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In an effort to reach and recruit a younger audience, PETA has launched peta2, its youth activist program that carries the slogan “not your parents’ animal rights.” According to its Facebook page, peta2’s goal is to arm youth with all the “info, literature, advice, and (most importantly) stickers [they] need to get active for animals.” Essentially, PETA has launched a campaign that, if successful, will recruit, educate, and energize a new generation of PETA supporters. 

petapicThe Uses and Gratifications Theory asserts that people are “active users of media,” meaning they are aware of different media outlets and can thus be selective of the media they use. This theory is important for public relations practitioners to understand because it allows them to target their messages more strategically and effectively to reach one or several key target audiences. It relates to the peta2 campaign because PETA, its parent organization, wanted to reach a younger audience. In order to increase the chances that youth would even come in contact with peta2 and its message, PETA launched peta2 accounts on many of the popular social networking websites, such as Facebook, Myspace, and Twitter. A peta2 channel was also launched on Youtube, featuring spoofs of the television show “Full House” and the 2008 Presidential Election, as well as clips of celebrities voicing support for peta2. In addition, peta2 has launched advertisements and Facebook photos starring celebrity spokespeople and animated cartoons. The peta2 website has also created a series of games to appeal to its target audience, including “Dress Up the Trollsens,” a spoof on the often fur-clad Olsen Twins, and “Bloody Burberry: The Fur Fighters.” All of these are specifically marketed towards kids and teens, making it more likely that younger audiences will hear about peta2 and make an increased effort to learn about and advocate for animal rights issues.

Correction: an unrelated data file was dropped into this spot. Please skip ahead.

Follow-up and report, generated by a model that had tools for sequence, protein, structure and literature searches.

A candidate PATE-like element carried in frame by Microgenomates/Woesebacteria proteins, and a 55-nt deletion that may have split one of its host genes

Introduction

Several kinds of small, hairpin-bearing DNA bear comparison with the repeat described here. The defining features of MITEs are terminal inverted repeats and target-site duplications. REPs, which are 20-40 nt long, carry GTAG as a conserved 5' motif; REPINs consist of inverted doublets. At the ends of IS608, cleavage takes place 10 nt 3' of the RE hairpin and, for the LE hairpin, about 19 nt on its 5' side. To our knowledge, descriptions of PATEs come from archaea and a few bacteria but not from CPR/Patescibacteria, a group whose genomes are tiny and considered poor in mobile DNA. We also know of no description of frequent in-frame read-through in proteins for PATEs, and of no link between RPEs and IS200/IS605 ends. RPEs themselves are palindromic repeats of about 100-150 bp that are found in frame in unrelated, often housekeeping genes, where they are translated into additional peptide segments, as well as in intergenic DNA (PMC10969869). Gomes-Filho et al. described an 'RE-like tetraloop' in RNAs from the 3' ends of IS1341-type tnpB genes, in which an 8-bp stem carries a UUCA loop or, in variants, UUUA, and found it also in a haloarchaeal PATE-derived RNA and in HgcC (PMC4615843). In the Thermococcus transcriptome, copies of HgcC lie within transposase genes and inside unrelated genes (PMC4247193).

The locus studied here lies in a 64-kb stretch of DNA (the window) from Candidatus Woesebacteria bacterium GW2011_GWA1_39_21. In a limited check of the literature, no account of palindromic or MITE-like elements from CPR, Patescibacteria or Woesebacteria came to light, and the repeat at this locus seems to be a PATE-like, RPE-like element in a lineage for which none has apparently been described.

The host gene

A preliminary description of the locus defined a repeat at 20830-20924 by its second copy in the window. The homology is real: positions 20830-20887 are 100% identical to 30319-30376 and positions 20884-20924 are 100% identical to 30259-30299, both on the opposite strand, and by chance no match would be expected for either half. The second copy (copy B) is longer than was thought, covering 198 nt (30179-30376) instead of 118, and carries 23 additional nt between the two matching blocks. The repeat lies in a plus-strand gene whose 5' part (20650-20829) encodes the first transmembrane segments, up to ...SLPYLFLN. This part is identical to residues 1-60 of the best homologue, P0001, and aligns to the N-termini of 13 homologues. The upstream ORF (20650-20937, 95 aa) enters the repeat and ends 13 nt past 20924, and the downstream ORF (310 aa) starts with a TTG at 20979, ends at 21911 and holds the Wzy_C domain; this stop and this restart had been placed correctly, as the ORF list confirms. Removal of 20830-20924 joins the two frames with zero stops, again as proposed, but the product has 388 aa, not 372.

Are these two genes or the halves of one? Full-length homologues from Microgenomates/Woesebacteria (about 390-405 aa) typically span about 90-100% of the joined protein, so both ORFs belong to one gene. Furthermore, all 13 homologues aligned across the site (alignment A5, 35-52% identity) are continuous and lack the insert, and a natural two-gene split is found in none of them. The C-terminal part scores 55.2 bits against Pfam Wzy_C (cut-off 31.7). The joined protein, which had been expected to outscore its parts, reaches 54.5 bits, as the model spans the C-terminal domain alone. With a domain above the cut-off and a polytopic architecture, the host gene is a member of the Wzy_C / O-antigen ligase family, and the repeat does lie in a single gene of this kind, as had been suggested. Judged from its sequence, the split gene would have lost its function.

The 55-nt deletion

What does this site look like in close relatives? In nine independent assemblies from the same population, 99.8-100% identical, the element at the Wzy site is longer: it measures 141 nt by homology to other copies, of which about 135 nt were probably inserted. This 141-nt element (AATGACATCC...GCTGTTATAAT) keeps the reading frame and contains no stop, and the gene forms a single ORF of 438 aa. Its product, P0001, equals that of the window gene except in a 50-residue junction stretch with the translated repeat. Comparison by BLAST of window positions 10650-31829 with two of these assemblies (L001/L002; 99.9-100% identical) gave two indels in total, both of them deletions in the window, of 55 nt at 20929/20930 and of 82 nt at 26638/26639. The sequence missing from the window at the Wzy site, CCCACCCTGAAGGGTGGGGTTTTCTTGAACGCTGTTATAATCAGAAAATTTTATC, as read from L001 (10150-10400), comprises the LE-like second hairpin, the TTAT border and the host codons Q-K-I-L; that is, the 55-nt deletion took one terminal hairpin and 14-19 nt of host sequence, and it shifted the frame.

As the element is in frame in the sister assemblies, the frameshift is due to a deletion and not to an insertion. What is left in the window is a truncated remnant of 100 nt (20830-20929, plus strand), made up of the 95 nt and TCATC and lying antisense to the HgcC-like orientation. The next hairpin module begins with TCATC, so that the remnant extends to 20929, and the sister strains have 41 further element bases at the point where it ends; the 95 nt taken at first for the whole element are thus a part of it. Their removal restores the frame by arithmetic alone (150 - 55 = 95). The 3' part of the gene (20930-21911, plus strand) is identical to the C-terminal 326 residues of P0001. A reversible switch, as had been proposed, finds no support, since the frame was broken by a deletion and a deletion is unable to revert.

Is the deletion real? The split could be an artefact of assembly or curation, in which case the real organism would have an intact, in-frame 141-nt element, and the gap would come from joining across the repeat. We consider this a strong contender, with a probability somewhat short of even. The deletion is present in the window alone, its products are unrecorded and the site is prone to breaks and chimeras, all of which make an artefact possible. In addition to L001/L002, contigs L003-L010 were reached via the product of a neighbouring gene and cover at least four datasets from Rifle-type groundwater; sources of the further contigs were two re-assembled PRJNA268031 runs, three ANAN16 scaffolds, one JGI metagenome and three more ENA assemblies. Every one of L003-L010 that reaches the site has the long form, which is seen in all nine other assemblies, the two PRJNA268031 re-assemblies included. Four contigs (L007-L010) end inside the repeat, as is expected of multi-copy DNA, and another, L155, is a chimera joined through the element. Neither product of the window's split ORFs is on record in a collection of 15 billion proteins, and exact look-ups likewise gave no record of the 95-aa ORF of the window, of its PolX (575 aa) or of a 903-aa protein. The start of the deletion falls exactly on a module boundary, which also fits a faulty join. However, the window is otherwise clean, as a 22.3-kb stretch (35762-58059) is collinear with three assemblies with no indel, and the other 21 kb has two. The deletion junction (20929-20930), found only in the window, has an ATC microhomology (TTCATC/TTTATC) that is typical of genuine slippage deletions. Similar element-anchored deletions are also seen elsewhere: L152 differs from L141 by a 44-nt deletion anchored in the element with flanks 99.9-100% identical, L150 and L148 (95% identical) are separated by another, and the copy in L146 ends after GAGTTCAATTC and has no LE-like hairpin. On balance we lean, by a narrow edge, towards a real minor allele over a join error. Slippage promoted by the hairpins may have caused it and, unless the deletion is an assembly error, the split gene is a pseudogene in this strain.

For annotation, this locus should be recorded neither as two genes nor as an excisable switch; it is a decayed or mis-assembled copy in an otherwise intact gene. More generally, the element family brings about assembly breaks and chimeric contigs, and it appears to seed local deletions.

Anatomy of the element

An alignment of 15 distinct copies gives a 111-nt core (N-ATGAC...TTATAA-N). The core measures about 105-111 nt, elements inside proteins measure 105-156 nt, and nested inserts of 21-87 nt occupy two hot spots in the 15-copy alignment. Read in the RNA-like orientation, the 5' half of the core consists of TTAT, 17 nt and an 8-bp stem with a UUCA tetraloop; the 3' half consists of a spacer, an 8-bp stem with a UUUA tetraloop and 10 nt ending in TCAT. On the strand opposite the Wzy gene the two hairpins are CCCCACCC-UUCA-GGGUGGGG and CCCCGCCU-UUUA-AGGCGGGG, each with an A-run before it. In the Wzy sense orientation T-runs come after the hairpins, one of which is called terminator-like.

petapic2The Elaborated Likelihood Model recognizes that most people are aware of and actively think about an idea. It is much easier to reach these types of audiences with a message using standard means of communication and media outlets. However, some audiences may not have any knowledge of the message or subject, or may not be interested in it. In these cases, it is useful for public relations practitioners to know how to take a “peripheral” (as opposed to “central”) route, often aided by repetition, credible spokespeople, and tangible rewards. This model directly relates to the peta2 campaign because a “peripheral” route was utilized to reach and recruit a younger audience. Repetition was employed  to encourage kids and teens to continuously think about and remember peta2’s messages, slogans, and campaigns. The same messages, photos, and advertisements repeat themselves on peta2’s main website as well as its Facbook, Myspace, and Youtube pages. In addition, highly recognizable celebrities and bands are featured in clips, all voicing their support for peta2. No audience is more influenced by pop culture and celebrity spokespeople than kids and teens! Rewards, such as “Free Stuff Friday,”and contests like “Cutest Vegetarian Alive” encourage kids and teens to visit the sites, tell their friends, and provide their email addresses. These giveaways coax peta2’s target audience to continuously visit the site, thus increasing the chances that they will internalize the message and pass it on!